It was no surprise when the Hall of Fame announced Dominik Hasek as one of its six new members Monday. Learning Hasek was chosen in his first year of eligibility was a mere formality, as he belonged in the shoo-in class of players. He was simply that dominant in his NHL career.
And, ironically, dominant doesn’t do ‘The Dominator’ justice. No goalie in the history of the league has accumulated a resume like his. No goalie has been as head-and-shoulders above his peers for a longer stretch of his career. And dare I say no goalie has ever played the position as well as Dominik Hasek did. Not Patrick Roy, not Martin Brodeur, not Terry Sawchuk.
To make such a claim is to go against some sacred THN rankings. Our Top 100 of all-time, released in 1998, ranked Sawchuk ninth overall and first among goaltenders. Hasek, then mid-career, squeaked onto the list at No. 95 overall. The panel of judges included luminaries from Milt Schmidt to Howie Meeker to Scotty Bowman. It was as authoritative as it gets. Our 2010 update, after Hasek’s NHL career ended, bumped him to fifth, but still placed him behind Sawchuk, Roy, Brodeur and Jacques Plante.
So why go against the experts? I believe that, with each passing year since Hasek’s retirement, his accomplishments look even more impressive. I humbly present a pitch for his status as the best of all-time.
1. His major hardware collection is the closest thing goalies have to Wayne Gretzky’s and Bobby Orr’s.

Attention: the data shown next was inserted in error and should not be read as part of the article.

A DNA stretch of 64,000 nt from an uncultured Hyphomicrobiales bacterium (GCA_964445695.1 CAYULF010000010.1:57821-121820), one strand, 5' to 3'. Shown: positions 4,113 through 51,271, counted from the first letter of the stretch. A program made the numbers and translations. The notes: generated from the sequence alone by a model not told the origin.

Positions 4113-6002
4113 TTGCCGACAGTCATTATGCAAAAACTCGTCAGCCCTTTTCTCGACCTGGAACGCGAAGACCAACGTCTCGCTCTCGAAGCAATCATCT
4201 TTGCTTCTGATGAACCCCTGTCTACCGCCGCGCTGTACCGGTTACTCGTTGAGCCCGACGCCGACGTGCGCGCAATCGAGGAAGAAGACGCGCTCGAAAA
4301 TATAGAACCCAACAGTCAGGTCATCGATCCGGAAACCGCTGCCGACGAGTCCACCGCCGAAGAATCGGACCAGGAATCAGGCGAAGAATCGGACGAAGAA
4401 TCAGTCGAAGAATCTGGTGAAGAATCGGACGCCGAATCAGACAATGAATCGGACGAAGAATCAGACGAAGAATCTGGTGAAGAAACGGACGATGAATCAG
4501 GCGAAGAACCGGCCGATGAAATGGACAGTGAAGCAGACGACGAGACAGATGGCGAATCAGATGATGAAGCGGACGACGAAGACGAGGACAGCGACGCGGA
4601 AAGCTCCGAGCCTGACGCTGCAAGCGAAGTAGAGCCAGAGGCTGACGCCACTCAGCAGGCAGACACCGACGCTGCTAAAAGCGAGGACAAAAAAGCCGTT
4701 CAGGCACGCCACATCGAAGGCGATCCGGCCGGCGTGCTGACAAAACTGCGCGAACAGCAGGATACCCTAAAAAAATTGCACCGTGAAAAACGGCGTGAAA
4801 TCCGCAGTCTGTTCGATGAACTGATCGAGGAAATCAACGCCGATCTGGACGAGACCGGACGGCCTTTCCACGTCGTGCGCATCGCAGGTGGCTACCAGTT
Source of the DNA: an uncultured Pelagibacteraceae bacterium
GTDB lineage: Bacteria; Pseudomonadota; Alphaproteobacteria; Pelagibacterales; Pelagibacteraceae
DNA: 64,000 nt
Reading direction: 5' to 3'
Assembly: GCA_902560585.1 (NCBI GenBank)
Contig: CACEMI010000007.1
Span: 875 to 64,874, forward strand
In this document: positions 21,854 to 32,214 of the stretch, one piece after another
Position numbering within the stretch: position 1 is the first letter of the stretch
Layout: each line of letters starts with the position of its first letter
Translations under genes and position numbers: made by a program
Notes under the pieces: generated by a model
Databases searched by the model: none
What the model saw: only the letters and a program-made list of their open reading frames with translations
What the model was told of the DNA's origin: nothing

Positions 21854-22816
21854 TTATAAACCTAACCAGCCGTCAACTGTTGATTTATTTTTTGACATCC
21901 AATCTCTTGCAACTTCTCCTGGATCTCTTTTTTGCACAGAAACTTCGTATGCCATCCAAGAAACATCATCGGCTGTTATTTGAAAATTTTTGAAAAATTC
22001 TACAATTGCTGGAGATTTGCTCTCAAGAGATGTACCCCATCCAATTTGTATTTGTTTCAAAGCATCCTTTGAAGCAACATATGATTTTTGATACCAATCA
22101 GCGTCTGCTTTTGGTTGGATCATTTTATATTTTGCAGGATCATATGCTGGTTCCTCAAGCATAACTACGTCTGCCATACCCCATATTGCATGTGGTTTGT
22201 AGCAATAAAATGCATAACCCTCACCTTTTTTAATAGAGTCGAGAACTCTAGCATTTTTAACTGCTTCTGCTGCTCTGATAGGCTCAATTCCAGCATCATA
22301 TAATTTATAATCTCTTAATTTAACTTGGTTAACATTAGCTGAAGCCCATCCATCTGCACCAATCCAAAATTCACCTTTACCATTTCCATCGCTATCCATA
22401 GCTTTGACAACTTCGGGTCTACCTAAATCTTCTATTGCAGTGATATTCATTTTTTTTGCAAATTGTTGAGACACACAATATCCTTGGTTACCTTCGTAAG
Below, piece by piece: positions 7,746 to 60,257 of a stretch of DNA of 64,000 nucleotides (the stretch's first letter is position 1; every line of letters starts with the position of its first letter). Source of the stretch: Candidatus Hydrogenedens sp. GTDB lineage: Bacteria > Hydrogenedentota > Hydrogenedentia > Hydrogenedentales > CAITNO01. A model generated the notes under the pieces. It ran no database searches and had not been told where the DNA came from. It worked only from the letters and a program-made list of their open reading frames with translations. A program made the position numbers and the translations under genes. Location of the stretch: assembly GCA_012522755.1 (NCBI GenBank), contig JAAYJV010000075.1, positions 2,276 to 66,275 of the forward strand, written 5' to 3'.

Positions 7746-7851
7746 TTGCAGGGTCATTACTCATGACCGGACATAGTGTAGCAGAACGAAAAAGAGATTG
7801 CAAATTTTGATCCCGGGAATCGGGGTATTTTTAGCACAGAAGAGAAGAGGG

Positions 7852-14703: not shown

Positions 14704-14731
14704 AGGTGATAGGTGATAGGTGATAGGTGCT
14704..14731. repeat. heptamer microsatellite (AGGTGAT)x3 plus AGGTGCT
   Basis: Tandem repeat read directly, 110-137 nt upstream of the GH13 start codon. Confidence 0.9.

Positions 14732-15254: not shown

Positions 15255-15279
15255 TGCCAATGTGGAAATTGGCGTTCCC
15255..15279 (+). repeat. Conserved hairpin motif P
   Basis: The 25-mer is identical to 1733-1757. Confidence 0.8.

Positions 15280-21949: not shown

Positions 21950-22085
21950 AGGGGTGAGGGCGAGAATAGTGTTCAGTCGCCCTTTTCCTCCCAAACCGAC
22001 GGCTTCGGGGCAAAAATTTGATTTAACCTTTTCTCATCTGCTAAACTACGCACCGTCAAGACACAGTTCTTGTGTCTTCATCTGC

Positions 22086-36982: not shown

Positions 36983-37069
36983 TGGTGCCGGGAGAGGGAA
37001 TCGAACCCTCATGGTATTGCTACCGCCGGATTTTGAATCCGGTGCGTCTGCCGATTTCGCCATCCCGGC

The only goaltender with more Vezina Trophies than Hasek’s six is Plante, who had seven and won six of those playing in a league with six teams and six starting goaltenders. The NHL had 26 teams when Hasek won his first Vezina and 30 when he earned his sixth. Plante also won all his Vezinas when the award went to the starting goalie of the team with the lowest goals-against average, so Hasek has the most Vezinas under the “real” system, in which GMs vote on the league’s best goalie.
Hasek won a hilarious, ridiculous five Vezinas in a six-year stretch at one point in his career. He’s the only goalie to win the Hart Trophy as league MVP twice, which he did over back-to-back seasons in 1996-97 and 1997-98. In both of those memorable campaigns, he won the Ted Lindsay Award, chosen by the players as MVP. Mike Liut is the only other goalie to win the Lindsay. Hasek is a six-time first-team All-Star. He won two Cups with Detroit (one as the starter) and, before that, got to the final by dragging along a Buffalo team that boasted Mike Peca, Miroslav Satan and Jason Woolley as its best players. His .922 career save percentage is No. 1 in NHL history. Did he play a big chunk of his career in the Dead Puck Era, or is it more accurate to say he was the Dead Puck Era?